Flight Of The Dot-Coms

Talk about trampling the dead. The recent collapse of dotcomfailures.com seemed to spell the end, even for the dot-com funeral industry. In fact, Web sites that track, mourn and otherwise wail over the corpses of the dot-com era are thriving. On NetSlaves: Undertakers of the New Economy, surfers can peruse the Museum of E-Failures and read The Dead Media Manifesto. Yahoo offers access to a dot-com Flop Tracker. Steve Shah, a cofounder of the U.S.-based DotComDoom, says business has never been better: "Our international readership is up to 45 percent, from only 10 percent last year!"

The big surprise is that there aren't as many dot-coms buried on these funeral sites as you might think--and that invites a radical rewriting of recent history. It would appear the passing of the dot-com era was declared too soon. The failure of online sportswear retailer boo.com in May of 2000 ushered in a summer of headlines about one spectacular dot-bomb after another. By fall, pundits were mulling "lessons" of the era the way historians speak of the collapse of '29. Written for the most part as the cautionary tale of the Great Men and Big Dot-coms, such as Amazon and Yahoo, this instant history gave a certain satisfaction to the millions who had not grown rich on tech stock. Assuming that most smaller dot-coms were at death's door, it became fashionable for economists to say that the collapse of the dot-com bubble was an example of capitalism at work: "Creative Destruction" killing off the many weak, so the few strong might survive. Thus it will come as something of a shock to both gloaters and mourners that the majority of dot-coms are not dead at all.

On this point the trackers agree. Dot-com layoffs and failures plateaued in recent months, and most major start-ups are still standing. Depending on who is counting, as many as 10,000 start-ups attracted major funding worldwide in the late 1990s, and somewhere between 243 (Flop Tracker's latest count) and 555 (webmergers.com) of those have gone out of business. Most of the rest are not only still out there, they're still online.

What are all those survivors doing in dot-com land? Hard to say, exactly, but it's clear that many, if not most, are up to new dot-com tricks, stringing out what's left of their funding or reinventing themselves in order to forestall a still inevitable demise. Many are morphing, with new names, new business plans, even new management every few months. A few are shedding identities until they actually solve the great riddle: how to make money on the Net. To survive, they are dumping the radical early ideal of the Internet as a new medium, open, egalitarian and free--but at least they are still alive. This is not creative destruction at all. As webmergers.com puts it in a new report called "Startup.com (The Sequel)," it is "creative reconstruction," and we are entering a period of business repositioning "that is historic in its scale and speed."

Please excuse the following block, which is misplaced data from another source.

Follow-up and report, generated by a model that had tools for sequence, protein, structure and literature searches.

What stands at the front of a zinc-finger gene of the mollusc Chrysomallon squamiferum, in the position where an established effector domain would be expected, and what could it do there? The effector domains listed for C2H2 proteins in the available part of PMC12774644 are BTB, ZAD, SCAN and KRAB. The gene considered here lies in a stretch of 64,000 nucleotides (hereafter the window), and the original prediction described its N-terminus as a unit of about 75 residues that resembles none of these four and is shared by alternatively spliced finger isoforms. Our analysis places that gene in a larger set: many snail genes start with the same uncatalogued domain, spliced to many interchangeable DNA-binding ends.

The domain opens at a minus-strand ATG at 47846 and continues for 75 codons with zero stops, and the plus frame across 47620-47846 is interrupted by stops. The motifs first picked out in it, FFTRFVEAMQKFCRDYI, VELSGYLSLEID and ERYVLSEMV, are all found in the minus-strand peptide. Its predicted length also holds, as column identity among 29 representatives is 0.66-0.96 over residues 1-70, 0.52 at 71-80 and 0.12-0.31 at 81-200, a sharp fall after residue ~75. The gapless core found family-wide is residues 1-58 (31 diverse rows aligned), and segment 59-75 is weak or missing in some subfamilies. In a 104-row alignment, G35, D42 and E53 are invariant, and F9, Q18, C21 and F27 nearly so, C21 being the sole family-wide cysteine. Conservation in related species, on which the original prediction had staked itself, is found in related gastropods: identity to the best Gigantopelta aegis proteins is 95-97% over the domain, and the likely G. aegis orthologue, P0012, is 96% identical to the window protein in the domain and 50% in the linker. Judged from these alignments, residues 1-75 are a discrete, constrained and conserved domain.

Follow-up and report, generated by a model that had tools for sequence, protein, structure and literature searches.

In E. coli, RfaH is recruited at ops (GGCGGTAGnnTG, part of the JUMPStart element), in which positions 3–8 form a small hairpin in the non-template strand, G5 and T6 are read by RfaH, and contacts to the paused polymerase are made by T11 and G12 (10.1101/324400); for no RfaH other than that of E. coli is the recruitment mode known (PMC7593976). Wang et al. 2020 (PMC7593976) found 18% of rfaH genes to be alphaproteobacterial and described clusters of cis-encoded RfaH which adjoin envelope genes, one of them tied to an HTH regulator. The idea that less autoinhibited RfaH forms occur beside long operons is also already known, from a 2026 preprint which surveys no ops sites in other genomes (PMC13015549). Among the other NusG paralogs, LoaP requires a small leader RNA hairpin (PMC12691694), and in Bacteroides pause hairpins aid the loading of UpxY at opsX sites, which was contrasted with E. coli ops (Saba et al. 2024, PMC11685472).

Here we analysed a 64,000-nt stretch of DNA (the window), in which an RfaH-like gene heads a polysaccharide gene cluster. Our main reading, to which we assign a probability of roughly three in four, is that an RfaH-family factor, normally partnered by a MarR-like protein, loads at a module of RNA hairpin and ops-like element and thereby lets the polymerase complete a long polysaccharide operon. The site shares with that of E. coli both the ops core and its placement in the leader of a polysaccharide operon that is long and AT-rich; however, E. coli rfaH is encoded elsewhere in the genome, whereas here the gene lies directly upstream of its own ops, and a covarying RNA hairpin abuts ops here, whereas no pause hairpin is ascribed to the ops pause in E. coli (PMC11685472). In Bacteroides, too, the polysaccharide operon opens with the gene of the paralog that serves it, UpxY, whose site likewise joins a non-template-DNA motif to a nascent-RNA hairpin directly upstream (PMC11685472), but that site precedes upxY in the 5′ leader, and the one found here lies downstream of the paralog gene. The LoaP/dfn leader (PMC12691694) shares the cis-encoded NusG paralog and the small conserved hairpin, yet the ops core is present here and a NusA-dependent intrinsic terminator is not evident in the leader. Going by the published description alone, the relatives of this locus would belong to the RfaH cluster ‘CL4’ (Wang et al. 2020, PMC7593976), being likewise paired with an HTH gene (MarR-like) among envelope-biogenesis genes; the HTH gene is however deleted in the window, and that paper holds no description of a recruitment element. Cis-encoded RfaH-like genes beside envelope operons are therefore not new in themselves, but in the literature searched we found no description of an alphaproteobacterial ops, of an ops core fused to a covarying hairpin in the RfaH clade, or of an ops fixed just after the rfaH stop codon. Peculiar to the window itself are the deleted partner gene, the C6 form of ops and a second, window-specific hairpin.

Many survivors are dropping the dot-com label, and trying to disassociate themselves from the giddy era. Internet.com, which had one of the most sought after domain names in the world, recently changed its moniker to INT Media Group and bought a conference company. First Tuesday, a drinks club that morphed into an online networking business and launched European tech poster girl Julie Meyer, is also entering the conference business. Tom.com, Asia's highest-profile start-up, has bought a magazine, a sports marketing firm and two outdoor advertising companies. Britannica.com has decided to stop calling itself a "knowledge portal," and the old media end of the company is printing a new version of its encyclopedia, the first since the Internet gold rush of 1998.

Though they may not want the dot-com label, surprisingly few have lost their fundamental faith in the Internet. The value of mergers and buyouts of Internet companies has plunged, but the number of deals is holding steady, mainly because of interest from other Internet companies. According to webmergers.com, 80 percent of the money spent on Internet acquisitions last year was spent by dot-coms. But with most Internet companies morphing rapidly, most marriages are fundamentally unstable. Witness the recent merger of Europe's top two homegrown Internet auction sites, qxl.com and ricardo.de. Both have been trying out one business model after another: first buying and auctioning goods, then becoming an online shopping mall. Now, both are starting to act as auction sites for the general public. The problem: they'll end up with the same model as eBay, the U.S. giant now in a position to dominate Europe. Thus QXL and ricardo may have figured it all out only in time to be swallowed.